My beginner opponents were about to go for their blue belts. My “novice” opponent was much better than my beginner opponents. Maybe she just trained every day for those 6 months... Oh well. Here's what I learned at the tournament:
- Don't hold heavy stuff between matches, like a camera for recording your husband's fights, or your baby and especially both. It wears your arms out. Suck it, baby, Mommy needs those arms for fighting!
- Position is my weakness. If someone lies back and lets me, I can totally submit them. So far, I have no takers. I need to learn how to get people off of me.
- I suck at takedowns. We really don't train takedowns at our gym – the occasional lesson, but we almost always start from knees. Considering how much my neck and back hurt now (4 days later), I'm okay with that. We don't have the “crash pads” or even a nice stack of mattresses with or without a pea in the middle.
- Even when I'm distracted with something important, like getting that woman off of me, I need to keep my elbows in. Yes, I was submitted with a kimura.
- Obnoxious parents exist in BJJ, too.
- Listening to the other corner is a good way to know what to defend against.
- Posture - Keep your hips directly below your head – don't lean out. When standing from in guard, pull one foot to the floor/knee up. Next, twist your knee so that your foot is beside you, then push off that foot to raise your knee. Now you are on your feet with your knees bent and your hips directly under your head. Stand up, shake off a leg and Gracie pass the other one.
I have a feeling she taught quite a bit more than this. There was definitely something about where to put your hands/elbows when your opponent has their hands on your sleeves. Oh, and some take down advice – don't try the soto gari if you are walking backwards, only when you are walking forwards. When you go for it, take a big enough step that you bend your knee to drop your weight, swing the other leg through and back between their legs, keeping that leg straight. And some posture drills. And some sneaky arm bar thing.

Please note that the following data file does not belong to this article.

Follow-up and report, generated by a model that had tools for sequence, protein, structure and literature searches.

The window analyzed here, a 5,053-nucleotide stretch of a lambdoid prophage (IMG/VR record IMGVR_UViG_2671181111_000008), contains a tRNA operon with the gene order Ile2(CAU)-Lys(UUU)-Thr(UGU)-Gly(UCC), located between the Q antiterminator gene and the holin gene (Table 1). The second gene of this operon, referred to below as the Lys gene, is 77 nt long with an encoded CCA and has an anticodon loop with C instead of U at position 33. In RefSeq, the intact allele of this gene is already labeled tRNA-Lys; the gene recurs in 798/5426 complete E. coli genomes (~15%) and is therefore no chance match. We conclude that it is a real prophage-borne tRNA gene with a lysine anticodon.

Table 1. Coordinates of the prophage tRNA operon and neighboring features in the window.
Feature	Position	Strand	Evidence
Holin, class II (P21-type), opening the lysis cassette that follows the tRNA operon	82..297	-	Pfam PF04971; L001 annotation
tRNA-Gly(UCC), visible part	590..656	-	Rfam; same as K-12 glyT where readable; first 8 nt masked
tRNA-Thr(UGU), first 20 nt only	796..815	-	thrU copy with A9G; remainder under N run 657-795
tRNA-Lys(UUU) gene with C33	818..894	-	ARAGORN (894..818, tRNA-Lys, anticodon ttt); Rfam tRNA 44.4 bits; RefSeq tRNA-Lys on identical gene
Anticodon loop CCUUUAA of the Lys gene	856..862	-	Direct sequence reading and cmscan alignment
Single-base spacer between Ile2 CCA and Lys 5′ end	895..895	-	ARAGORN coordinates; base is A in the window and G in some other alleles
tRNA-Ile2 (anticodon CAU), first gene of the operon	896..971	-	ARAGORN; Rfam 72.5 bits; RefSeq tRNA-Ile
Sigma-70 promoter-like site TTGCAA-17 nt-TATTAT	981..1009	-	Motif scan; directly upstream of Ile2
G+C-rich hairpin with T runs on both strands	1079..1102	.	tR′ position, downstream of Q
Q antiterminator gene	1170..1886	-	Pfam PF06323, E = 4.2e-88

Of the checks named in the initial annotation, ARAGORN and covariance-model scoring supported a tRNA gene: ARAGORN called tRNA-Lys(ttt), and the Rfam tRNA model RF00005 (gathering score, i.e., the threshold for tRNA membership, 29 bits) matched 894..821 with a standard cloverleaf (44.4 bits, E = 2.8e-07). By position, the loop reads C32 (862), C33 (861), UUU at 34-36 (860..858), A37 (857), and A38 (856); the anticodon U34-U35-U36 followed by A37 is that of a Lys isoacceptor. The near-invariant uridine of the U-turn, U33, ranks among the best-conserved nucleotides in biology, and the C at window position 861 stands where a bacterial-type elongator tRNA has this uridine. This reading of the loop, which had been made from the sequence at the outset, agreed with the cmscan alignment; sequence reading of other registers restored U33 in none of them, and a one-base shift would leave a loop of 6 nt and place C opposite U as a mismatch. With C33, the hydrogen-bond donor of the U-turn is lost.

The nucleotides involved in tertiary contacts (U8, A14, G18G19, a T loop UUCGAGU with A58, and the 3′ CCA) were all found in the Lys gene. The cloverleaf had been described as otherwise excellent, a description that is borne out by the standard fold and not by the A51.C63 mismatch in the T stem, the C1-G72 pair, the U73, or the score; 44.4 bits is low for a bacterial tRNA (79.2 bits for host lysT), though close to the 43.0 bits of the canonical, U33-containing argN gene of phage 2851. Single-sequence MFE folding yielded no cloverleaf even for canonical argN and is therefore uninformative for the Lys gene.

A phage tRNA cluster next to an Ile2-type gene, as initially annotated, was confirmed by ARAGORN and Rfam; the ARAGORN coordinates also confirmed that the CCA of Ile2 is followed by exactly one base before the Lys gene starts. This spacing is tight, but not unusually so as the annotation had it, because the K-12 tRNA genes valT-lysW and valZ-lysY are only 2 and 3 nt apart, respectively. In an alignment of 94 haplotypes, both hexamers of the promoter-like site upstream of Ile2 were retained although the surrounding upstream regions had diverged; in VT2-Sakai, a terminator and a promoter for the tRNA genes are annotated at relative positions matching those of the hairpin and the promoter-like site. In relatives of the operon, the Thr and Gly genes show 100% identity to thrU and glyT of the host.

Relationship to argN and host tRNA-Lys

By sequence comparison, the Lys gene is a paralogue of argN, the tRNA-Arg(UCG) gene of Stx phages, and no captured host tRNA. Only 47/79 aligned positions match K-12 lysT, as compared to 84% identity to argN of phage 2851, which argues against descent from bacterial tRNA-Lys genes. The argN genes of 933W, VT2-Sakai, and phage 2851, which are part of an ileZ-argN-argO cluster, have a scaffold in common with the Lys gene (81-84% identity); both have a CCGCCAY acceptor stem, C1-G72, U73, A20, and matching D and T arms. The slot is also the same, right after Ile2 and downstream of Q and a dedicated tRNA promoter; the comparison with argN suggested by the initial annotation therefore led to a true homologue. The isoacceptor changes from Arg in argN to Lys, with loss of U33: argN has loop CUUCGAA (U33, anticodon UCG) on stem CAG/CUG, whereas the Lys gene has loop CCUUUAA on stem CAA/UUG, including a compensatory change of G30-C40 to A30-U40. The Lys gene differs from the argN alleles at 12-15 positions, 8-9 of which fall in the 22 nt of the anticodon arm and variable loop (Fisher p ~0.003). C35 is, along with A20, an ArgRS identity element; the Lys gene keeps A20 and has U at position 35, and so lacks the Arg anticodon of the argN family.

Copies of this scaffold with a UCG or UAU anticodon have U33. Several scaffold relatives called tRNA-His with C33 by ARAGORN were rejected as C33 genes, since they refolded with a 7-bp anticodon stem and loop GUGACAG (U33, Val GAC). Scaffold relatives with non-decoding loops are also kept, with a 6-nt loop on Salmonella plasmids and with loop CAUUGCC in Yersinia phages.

It was all a bit overwhelming for me. Not only had I just come off of a long car trip and was nervous about my first tournament the next day, but I was totally on the mat with KYRA GRACIE!!! Frankly, I'm surprised I can remember anything useful. Normally, I would have said that this was out of my league and I had no business going, but I don't know that I'll ever just happen to be in the same city as a Gracie seminar again...
On a side note, Kyra was extremely friendly and fun. She walked in, got out of her Canada clothes (this was in Boca Raton, FL) and into her gi, sat down with us and started talking about what it was like to grow up as a girl in a family full of … well, Gracies... She had very good English, except push and pull were tricky for her, as were elbow and shoulder; we all enjoyed a good laugh over push vs. pull.
I got a picture and an autograph, of course. I really want to go to her camp, or the Gracie Adventure Camp. One day I'll have enough money and my kids will be old enough to do without me for a week.
So I came home looking for some answers on how to get out of being mounted. This video looks helpful. I can't wait until I can move again and try it out!